4 Big Workforce Changes That Will Be Driven by Technology

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HR professionals everywhere have been eager in recent years to find innovative new ways that technology can improve what they do in human capital management.

Whether it’s managing the daily grind of payroll and benefits or devising more comprehensive workforce plans, there are no doubt plenty of ways that more mobile and cloud-based platforms can make a difference.

Of course, it shouldn’t just be HR offices benefiting from the rise of modern technology.

A fundamental change in doing business

Really, anyone in an office should be able to find some utility in it. The cloud makes it easier for everyone in a corporate setting to store data, share it, access it and collaborate with it. There’s no one who can’t use that to find enormous gains in productivity.

According to a Bersin by Deloitte analysis, this is leading to a fundamental change in the way everyone does business. The added efficiency brought by transformative technology begins with HR, which now has an easier and faster way of overseeing work, but the benefits also trickle down to everyone, notes Josh Bersin, principal at Bersin by Deloitte Consulting.

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“The HR technology market, which is now more than $15 billion in software alone, is exploding with growth and innovation,” Bersin said. “One of the most disruptive changes is the trend toward automating HR practices and integrating systems, making them so easy to use that people think of them as part of their daily life. These systems give leaders the real-time information they need to adapt to changing business and labor conditions.”

4 changes to watch for

Bersin believes that big, big changes lie ahead. Here are a few things we should all expect to happen in the coming years:

  1. Mobile will be “everything” — Mobile devices are constantly improving – new models, new shapes and sizes, new levels of speed and efficiency. Eventually, these devices will take over, and we’ll be left with a style of doing work that’s all mobile, all the time. We may soon say goodbye to those big, bulky desktop computers.
  2. Work will be analytics-based — Perhaps today, much of what we do around the office is based on wisdom, experience, intuition and a little bit of gut feeling. In the future, very little of that will be necessary – the rapid pile-up of data will lead us to a place where every decision is based on analytics.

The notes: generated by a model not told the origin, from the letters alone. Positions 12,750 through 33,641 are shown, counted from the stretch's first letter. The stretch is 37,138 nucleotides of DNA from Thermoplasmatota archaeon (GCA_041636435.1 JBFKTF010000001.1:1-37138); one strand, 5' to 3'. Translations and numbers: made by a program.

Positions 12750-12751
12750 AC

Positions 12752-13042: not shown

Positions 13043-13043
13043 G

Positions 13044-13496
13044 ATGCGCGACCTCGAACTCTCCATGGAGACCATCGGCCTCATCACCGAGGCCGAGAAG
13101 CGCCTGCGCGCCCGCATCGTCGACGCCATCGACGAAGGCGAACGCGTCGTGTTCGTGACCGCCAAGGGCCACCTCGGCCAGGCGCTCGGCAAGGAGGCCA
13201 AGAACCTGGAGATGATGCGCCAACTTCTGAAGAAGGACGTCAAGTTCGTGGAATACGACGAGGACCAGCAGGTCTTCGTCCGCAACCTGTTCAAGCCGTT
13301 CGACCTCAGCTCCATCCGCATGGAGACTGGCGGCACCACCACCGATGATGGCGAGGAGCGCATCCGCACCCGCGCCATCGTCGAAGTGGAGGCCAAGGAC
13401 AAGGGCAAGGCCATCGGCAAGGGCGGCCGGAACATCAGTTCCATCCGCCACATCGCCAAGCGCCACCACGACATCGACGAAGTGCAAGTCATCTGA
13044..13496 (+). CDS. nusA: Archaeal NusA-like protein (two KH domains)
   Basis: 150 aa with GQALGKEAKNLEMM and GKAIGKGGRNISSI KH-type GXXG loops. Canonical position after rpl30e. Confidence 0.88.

3. Radically different recruiting — Hiring new employees is one of the toughest challenges a company faces. How do you sort through that giant stack of resumes and find one applicant who’s the best fit for the job? It’s always going to be difficult, but we’ll soon find a reality in which better screening and candidate analytics make the process a little more logical.
  4. A new approach to performance management — Managers and HR leaders can soon use technology to gather data on their current employees, too, meaning they can evaluate their performance and begin to tackle big-picture questions of workforce efficiency. Soon, they’ll have a much clearer picture of everything going on within their four walls.

This originally appeared on Ceridian’s HCM blog.

Jayson Saba is Ceridian’s Vice President of Market Research & Industry Relations. He leads Ceridian’s market research, competitive intelligence and industry analyst relations. Prior to joining Ceridian, Jayson was the lead analyst covering core HR, Workforce Management and Outsourcing at the HCM practice of Boston-based Aberdeen Group. During his tenure, he wrote and published over 100 research papers and benchmark reports.

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2 Comments on “4 Big Workforce Changes That Will Be Driven by Technology

  1. Interesting, however, a future in which decisions are made on analytics alone, without the benefit of “wisdom, experience, and intuition” sounds awful drone-like and removes many of the ingredients that lead to innovation.

  2. The driver behind all this is being assumed as well as somewhat glossed over and that is…

    The rate of change of technology

    Tech is changing faster than the rate of education and the rate of education is NOT keeping up…

    We need to shift from being instructed on what to do to learning how to think — strategically, analytically, competitively, innovatively (that’s a new word I just made up — I may not be the originator), as well as with discernment on the types of questions we are asking…

    More of my thoughts about this are presented in this LinkedIn Post, “Approaching Change Differently” http://j.mp/1twgqCg

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